Employee Training Done Right (Part II)

Published December 2008

Last month we began discussing guidelines for successfully training employees. These included

  • Ensuring that training is targeted for specific shortcomings or potential opportunities in the organization’s performance
  • Using training to address deficiencies in skills rather than motivation
  • Identifying the specific outcomes desired from the training

This month I’d like to explore the unique considerations to be made when designing and delivering training for adults.

During elementary school, we accepted most of what our teachers taught us as relevant, with only an occasional, “I’ll never use this!” These complaints likely increased in frequency throughout our middle school and high school years. By the time we’re adults, we’ve long concluded that the world contains much more knowledge than can be stuffed into our heads in the small amount of time left over in our busy days for education. Thus, adult learners have different needs and learn in different ways than their younger counterparts. Understanding these needs and differences is key if your organization is to optimize its training investment.

First, in order for adults to be motivated to learn, they must understand and clearly see the relevancy and practicality of the desired new knowledge, prior to attending. Thus, it is beneficial to share the reasoning and the desired outcomes with adult students before training begins. The more personalized this discussion, the better.

This explains why it is advantageous for leaders to train their own people. Nothing speaks more clearly to the importance of a lesson than a manager investing their own time to teach it. While outside resources can be extremely helpful in developing effective lesson plans for adults, actual delivery is best accomplished by an organization’s leaders. This is a situation where intent matters more than technique. In other words, the strong message sent by leaders’ involvement outweighs their lack of experience as professional trainers.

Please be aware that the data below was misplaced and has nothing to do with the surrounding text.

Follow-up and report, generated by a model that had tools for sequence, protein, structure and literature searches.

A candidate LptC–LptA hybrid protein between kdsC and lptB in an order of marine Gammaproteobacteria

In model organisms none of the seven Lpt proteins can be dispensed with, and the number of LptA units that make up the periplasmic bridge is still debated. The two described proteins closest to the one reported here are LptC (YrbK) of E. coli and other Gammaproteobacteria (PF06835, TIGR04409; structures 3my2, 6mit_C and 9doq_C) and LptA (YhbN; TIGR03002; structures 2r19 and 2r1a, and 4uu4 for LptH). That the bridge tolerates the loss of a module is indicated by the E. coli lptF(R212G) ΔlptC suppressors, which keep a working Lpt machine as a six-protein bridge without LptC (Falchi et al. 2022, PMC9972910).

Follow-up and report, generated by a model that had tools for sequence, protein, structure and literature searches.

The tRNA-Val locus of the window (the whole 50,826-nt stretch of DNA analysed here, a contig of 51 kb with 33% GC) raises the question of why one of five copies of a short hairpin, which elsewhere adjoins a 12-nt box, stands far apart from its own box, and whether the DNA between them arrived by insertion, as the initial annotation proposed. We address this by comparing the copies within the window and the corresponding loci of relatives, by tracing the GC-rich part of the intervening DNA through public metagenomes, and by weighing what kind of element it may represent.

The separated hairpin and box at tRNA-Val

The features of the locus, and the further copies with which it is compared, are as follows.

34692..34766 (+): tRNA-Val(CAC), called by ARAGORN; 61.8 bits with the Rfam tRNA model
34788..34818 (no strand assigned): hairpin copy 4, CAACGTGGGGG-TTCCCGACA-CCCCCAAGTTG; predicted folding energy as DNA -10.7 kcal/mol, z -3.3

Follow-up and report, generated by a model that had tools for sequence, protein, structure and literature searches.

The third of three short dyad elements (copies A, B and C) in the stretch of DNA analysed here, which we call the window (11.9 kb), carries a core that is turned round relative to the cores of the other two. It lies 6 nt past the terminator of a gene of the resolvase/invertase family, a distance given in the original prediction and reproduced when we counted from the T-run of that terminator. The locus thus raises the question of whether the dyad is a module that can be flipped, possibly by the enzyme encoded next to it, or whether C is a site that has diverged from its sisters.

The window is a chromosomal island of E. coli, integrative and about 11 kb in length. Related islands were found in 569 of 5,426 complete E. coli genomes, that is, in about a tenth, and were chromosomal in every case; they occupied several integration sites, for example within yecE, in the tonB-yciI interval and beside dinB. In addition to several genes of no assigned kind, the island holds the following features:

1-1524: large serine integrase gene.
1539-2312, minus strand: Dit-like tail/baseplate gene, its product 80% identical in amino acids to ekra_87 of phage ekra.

Adult learners want and need to participate in, and occasionally lead, their own self-discovery. Sensory exercises, offered in a safe, respectful environment are required to result in “Aha!” moments. Traditional learning techniques, such as reading and listening to a lecturer, should be discouraged in favor of creatively doing a lesson. This is especially important since, unlike their elementary counterparts, a significant portion of an adult student population may enter the training with negative experiences and perceptions regarding formal education. Some may struggle with basic reading skills. Others may be attending in their non-native language. In short, Death by PowerPoint should be strictly avoided.

After new knowledge is introduced to adults, retention techniques are critical to ensure that it is not lost. Reinforcement, both positive and negative, is required for the new knowledge to be transferred into action. Management almost always under-communicates its most important messages. As such, leaders should take advantage of all communication mechanisms available, both formal and informal to reiterate the importance of the new skills, the key fundamentals, and the expectations for application.

Finally, and most importantly, the ability to transfer and apply the new knowledge to real world settings outside the classroom must be present for true learning to occur. Thus, training should occur immediately prior to on-the-job application opportunities. Also, training should be scoped in terms of breadth so that employees can be reasonably monitored and held accountable for correctly applying their new-found knowledge.

Investing in employees via effectively conceived, implemented, and applied training is among the most strategic decisions a company can make. This is because a high-performing workforce represents one of the most difficult assets for your competitors to duplicate.

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